Therefore, setting the break at about 20 km as Weissman (1996) did is probably acceptable, and with the updated number of comets in the cloud, I arrive at an outer cloud mass of 1.4  $M_{\oplus}$, though it could be as low as 1  $M_{\oplus}$ if the number of comets need to be reduced as stated by Emel'yanenko et al. (2007). Using the Bailey & Stagg (1988) relationships between absolute magnitude and mass and radius of the comet, I get m11 = 2.5 $\times$ 1011 kg and d11 = 1.1 km, yielding an outer cloud mass of 0.2  $M_{\oplus}$, which seems very low. By using the data from Morbidelli et al. (2008), I get $N_{\rm OOC}~ \bar{m_{\rm c}} = 5.24$ $\times$ 1024 kg i.e. 0.87  $M_{\oplus}$. However, the data from Morbidelli et al. (2008) shows there are 1012 comets with diameters larger than 1 km, and if only 1.4% of those end up in the outer cloud, we have only $\sim$1010 comets in the outer cloud, an order of magnitude lower than previously thought. This issue will be addressed in another publication.

Duncan et al. (2008) argued that if one assumes that the outer cloud's mass contains very few comets with H10<3, which is the brightest comet seen thus far by LINEAR (Francis 2005), the mass of the outer cloud becomes as much as 3  $M_{\oplus}$ using the absolute magnitude-mass relation of Weissman (1996) or as little as 0.6  $M_{\oplus}$ if the Bailey & Stagg (1988) relation is used. Lower-end values seem to be more consistent with current models of the dynamical evolution of the outer Solar System (Duncan et al. 2008). In addition, the work of Rickman et al. (2008) hints to a somewhat higher transfer efficiency from the Oort cloud to the LPC population, so the above estimates might be reduced somewhat (say by a factor of 1.2).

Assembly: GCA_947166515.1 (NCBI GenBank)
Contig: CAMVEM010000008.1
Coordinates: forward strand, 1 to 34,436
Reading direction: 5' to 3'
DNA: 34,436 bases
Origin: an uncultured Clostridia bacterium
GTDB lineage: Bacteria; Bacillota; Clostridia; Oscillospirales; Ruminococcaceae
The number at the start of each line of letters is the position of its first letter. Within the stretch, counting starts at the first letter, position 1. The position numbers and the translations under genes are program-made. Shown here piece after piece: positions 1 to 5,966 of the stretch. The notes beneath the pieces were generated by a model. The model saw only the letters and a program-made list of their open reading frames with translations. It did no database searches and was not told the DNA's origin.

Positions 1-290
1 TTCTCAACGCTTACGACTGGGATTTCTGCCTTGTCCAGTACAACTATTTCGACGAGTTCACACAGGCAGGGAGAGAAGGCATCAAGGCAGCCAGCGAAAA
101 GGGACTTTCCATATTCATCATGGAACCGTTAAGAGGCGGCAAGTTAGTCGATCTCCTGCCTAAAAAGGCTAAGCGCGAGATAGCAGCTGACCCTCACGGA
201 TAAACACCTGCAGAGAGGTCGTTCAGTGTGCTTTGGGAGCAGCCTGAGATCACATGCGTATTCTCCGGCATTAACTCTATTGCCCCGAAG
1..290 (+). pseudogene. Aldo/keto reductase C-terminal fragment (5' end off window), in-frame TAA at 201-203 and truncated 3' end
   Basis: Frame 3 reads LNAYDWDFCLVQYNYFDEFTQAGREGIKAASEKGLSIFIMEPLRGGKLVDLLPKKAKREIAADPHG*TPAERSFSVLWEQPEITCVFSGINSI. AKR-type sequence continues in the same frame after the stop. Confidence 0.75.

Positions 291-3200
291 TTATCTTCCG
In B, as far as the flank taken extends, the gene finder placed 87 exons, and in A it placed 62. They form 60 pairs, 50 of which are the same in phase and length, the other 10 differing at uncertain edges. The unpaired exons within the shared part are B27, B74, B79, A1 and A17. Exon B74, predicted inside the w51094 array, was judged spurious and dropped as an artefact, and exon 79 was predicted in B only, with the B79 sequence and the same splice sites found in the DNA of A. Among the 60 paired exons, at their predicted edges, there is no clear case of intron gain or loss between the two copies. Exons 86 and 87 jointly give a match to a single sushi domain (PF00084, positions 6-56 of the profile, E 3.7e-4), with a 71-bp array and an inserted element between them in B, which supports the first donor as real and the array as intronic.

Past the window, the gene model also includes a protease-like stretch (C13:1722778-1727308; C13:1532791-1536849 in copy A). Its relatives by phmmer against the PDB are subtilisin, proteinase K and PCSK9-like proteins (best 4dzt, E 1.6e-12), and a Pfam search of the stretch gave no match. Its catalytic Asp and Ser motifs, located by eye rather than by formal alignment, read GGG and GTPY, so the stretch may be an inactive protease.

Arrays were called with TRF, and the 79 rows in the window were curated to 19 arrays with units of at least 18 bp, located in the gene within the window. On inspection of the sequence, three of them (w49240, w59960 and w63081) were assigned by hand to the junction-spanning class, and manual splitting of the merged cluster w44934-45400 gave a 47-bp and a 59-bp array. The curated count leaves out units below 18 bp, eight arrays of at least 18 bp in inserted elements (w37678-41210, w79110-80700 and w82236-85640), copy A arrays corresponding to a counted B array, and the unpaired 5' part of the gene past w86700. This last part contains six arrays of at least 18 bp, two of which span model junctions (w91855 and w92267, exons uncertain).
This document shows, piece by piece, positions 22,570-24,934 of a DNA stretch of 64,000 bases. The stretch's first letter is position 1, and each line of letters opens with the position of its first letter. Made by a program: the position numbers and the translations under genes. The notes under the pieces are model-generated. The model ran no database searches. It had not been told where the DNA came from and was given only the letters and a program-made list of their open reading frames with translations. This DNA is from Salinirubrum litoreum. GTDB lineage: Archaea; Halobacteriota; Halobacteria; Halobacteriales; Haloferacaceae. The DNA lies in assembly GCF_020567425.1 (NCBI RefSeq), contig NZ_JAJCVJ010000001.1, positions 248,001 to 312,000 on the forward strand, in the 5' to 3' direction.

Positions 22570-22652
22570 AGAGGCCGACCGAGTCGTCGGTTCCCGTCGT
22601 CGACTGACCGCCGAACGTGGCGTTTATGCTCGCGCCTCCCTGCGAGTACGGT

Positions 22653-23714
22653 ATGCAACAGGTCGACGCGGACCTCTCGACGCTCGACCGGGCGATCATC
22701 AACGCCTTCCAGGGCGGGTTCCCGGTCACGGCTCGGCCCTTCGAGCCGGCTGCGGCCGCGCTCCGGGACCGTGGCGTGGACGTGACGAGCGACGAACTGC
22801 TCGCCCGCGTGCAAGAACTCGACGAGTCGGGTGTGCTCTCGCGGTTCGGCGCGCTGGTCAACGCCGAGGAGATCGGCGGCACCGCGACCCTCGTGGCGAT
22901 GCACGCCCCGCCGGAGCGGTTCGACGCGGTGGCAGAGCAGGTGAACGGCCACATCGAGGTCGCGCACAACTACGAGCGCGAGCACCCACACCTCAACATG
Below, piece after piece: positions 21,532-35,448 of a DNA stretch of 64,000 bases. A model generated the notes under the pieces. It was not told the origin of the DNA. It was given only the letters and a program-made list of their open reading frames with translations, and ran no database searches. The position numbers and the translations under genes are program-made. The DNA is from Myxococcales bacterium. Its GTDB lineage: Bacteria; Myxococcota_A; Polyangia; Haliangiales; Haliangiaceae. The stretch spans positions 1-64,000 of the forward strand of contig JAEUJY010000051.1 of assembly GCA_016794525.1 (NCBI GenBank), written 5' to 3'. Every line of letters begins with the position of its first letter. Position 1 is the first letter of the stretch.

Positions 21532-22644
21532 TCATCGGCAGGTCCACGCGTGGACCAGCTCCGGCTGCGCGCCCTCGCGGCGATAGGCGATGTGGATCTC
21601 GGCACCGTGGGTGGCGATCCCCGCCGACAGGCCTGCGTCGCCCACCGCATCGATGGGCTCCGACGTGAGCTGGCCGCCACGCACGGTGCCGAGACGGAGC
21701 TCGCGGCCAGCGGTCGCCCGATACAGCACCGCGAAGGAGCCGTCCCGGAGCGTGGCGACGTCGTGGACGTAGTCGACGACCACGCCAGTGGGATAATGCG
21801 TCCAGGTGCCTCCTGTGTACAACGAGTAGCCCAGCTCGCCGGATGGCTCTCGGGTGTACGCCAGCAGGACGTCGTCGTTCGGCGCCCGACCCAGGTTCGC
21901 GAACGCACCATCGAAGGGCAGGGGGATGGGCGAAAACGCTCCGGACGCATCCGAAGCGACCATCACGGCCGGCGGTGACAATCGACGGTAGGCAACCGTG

Summarising all of the above, I now have an approximate window of 0.6-1.4  $M_{\oplus}$ for the mass of the outer cloud from observations. From the previous section, I computed a mass between 0.5  $M_{\oplus}$ and 1  $M_{\oplus}$, in very good agreement with observational estimates!

4 Summary and conclusions

I have suggested a two-stage process for the formation of the Oort comet cloud, based on the Nice model of planet migration (Gomes et al. 2005). After the instability triggering the late heavy bombardment, the amount of material directly deposited in the outer Oort cloud is about 0.5  $M_{\oplus}$, on the lowest end of recent estimates of the mass of the outer cloud of 0.6-1.4  $M_{\oplus}$. Therefore, it is likely that something must replenish it. This replenishing reservoir could be the innermost Oort cloud and the primary mechanism is passing stars scattering the comets to the outer cloud. Using the mass in the primordial Jupiter-Saturn region inferred from the Nice model from Desch (2008) and the efficiencies found by Brasser et al. (2006, 2007), the mass of the first inner cloud ranges from 2.4  $M_{\oplus}$ to 7.2  $M_{\oplus}$, with a value around 5  $M_{\oplus}$ the most likely. Using (90 377) Sedna as an indicator for the inner edge of the innermost cloud yields a transport efficiency of about 5% to the outer cloud, so that the total mass of the outer cloud ranges from 0.5  $M_{\oplus}$ to 1  $M_{\oplus}$, with a value of 0.9  $M_{\oplus}$ the most likely. This result is consistent with current observations, but once again on the low end.

I would like to thank Alessandro Morbidelli, Martin Duncan, the reviewer Hans Rickman and the editor Tristan Guillot for constructive comments on improving this manuscript. Nathan Kaib deserves my thanks for fulfilling my requests for some of the data from his simulations. I also want to thank NSERC of Canada for funding this research.



Copyright ESO 2008